Associated organs: lungs and large intestine

The lungs obviously get us breathing – they control respiration. However, in the Chinese system, they are also associated with governing ki (chi energy), disseminating and regulating water in the body, and controlling skin and body hair. They are also connected to the nose. The lung meridian runs from the thumb along the inside of the arm to the shoulder.

The large intestine's job is to remove water and any remaining absorbable nutrients from the food as it passes through, before sending the indigestible matter to the rectum. As a matter of interest, the full digestion of our food takes about 16 hours from start to finish! The large intestine also absorbs vitamins that are created by the colonic bacteria, such as vitamin K, vitamin B12, thiamine and riboflavin. It's meridian line runs from the index finger along the top of the arm up, over the top of the shoulder, up the side of the face to the nostril.

When these organs and their energy systems are functioning well we have an ability to let go and move forward; when they're not there's a sense of grief or depression. There's a clear connection here between these emotional qualities and the organ functions!

Yoga for the autumn should therefore focus on releasing and letting go on all levels. Shaking movements very helpful for this. Since the lungs are involved, a focus on breath-work would also be good.

Associated organs: kidney and bladder

Physiologically, the kidneys act like a filters to remove wastes and fluids from the blood – each day they process around 200 litres, removing about 1-2 litres as urine. The kidneys make three important hormones: erythropoietin to stimulate the production of red blood cells, renin which is involved in the control of blood pressure, and vitamin D which controls calcium uptake and helps make strong bones. They are connected with the ears, and energetically, thought to govern the reception of qi (chi) from the air. They kidneys suffer a lot when they get cold, so in Japan, they often wear a 'haramaki' – a garment worn around the abdomen (hara) to keep the stomach and kidneys warm. In the days of the samurai, it was a long piece of cloth (often augmented with chain mail or other metals) wrapped around and around the belly, but these days you can get something far more comfortable and convenient. The kidney meridian runs from the ball of your foot, up the inside of your leg, and up the front of your belly and chest, finishing at your collar bone.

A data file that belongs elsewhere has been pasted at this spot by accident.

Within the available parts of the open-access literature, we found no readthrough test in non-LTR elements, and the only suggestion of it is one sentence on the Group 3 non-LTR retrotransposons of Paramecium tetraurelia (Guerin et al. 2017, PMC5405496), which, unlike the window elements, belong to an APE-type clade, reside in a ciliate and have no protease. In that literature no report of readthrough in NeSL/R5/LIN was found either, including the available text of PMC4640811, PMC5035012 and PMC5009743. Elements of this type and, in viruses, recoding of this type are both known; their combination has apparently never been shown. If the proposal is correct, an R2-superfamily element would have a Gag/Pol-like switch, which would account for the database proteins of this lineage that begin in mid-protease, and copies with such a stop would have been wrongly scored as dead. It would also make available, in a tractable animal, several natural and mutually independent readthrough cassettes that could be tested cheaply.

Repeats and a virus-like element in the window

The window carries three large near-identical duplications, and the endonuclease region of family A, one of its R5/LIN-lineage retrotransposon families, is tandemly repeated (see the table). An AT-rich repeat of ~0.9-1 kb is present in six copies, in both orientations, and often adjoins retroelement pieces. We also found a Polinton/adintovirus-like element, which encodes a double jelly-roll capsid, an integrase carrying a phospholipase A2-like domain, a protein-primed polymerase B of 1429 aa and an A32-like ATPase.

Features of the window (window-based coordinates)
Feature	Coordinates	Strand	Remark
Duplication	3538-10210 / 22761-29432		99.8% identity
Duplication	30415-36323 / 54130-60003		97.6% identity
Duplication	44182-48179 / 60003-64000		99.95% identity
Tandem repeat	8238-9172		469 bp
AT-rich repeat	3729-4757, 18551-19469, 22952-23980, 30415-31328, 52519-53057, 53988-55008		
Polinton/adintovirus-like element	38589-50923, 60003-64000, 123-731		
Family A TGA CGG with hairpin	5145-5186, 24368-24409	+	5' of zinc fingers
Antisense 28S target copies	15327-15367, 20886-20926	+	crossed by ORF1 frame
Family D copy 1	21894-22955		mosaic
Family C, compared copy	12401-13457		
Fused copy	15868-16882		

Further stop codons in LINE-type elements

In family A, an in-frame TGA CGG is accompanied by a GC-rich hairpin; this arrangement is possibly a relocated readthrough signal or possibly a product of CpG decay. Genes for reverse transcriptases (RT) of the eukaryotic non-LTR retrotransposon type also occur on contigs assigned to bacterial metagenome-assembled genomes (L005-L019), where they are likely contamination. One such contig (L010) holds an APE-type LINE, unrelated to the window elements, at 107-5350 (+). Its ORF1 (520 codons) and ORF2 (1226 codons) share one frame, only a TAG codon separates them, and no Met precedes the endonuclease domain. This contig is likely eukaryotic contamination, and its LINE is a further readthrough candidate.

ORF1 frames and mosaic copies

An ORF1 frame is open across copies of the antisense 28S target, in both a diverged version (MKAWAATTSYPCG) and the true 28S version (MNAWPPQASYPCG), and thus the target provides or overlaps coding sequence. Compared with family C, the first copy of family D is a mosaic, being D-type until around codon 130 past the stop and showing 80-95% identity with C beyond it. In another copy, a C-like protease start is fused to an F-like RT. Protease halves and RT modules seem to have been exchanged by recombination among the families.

The bladder the waste fluids filtered out by the kidneys, meaning that we don't have to constantly leak waste fluids – we can go to the loo and release a batch at a time... It's normal capacity is 400-600 ml. The bladder is lined by layers of muscle tissue. During urination, the bladder muscles contract, and two valves open to allow urine to flow out to the urethra (which passes through the centre of the penis in men). The bladder meridian runs from the little toe, up the back of the leg, splits and runs in two parallel lines just to the side of your spine, over the back of the head and finishes in the corner of your eye.

When this paired system is functioning well we feel a sense of courage, or a can-do attitude; when it isn't we might feel emotions relating to despair. When the kidneys are feeling down, the whole system can feel down, so that's why it's so important to protect and take care of your kidneys.

Yoga for the winter should therefore focus on warming the body (particularly the lower back and kidney area; perhaps through tapping or rubbing), and opening through the kidney and bladder meridians. The feet can also suffer a lot at this time of year, getting cold and never seeing the light of day, so giving them some attention can be nice. Mobilising the joints can help to release trapped cold, and a slower, more restorative practice connects in with our winter hibernating tendencies.

Kidney tapping/rubbing

In the workshop, we then split into pairs, each taking a season and coming up with a 30min yoga sequence relevant to that season. Teaching these sequences back-to-back, we experienced a whole year of yoga in just 2 and 1/2 hrs!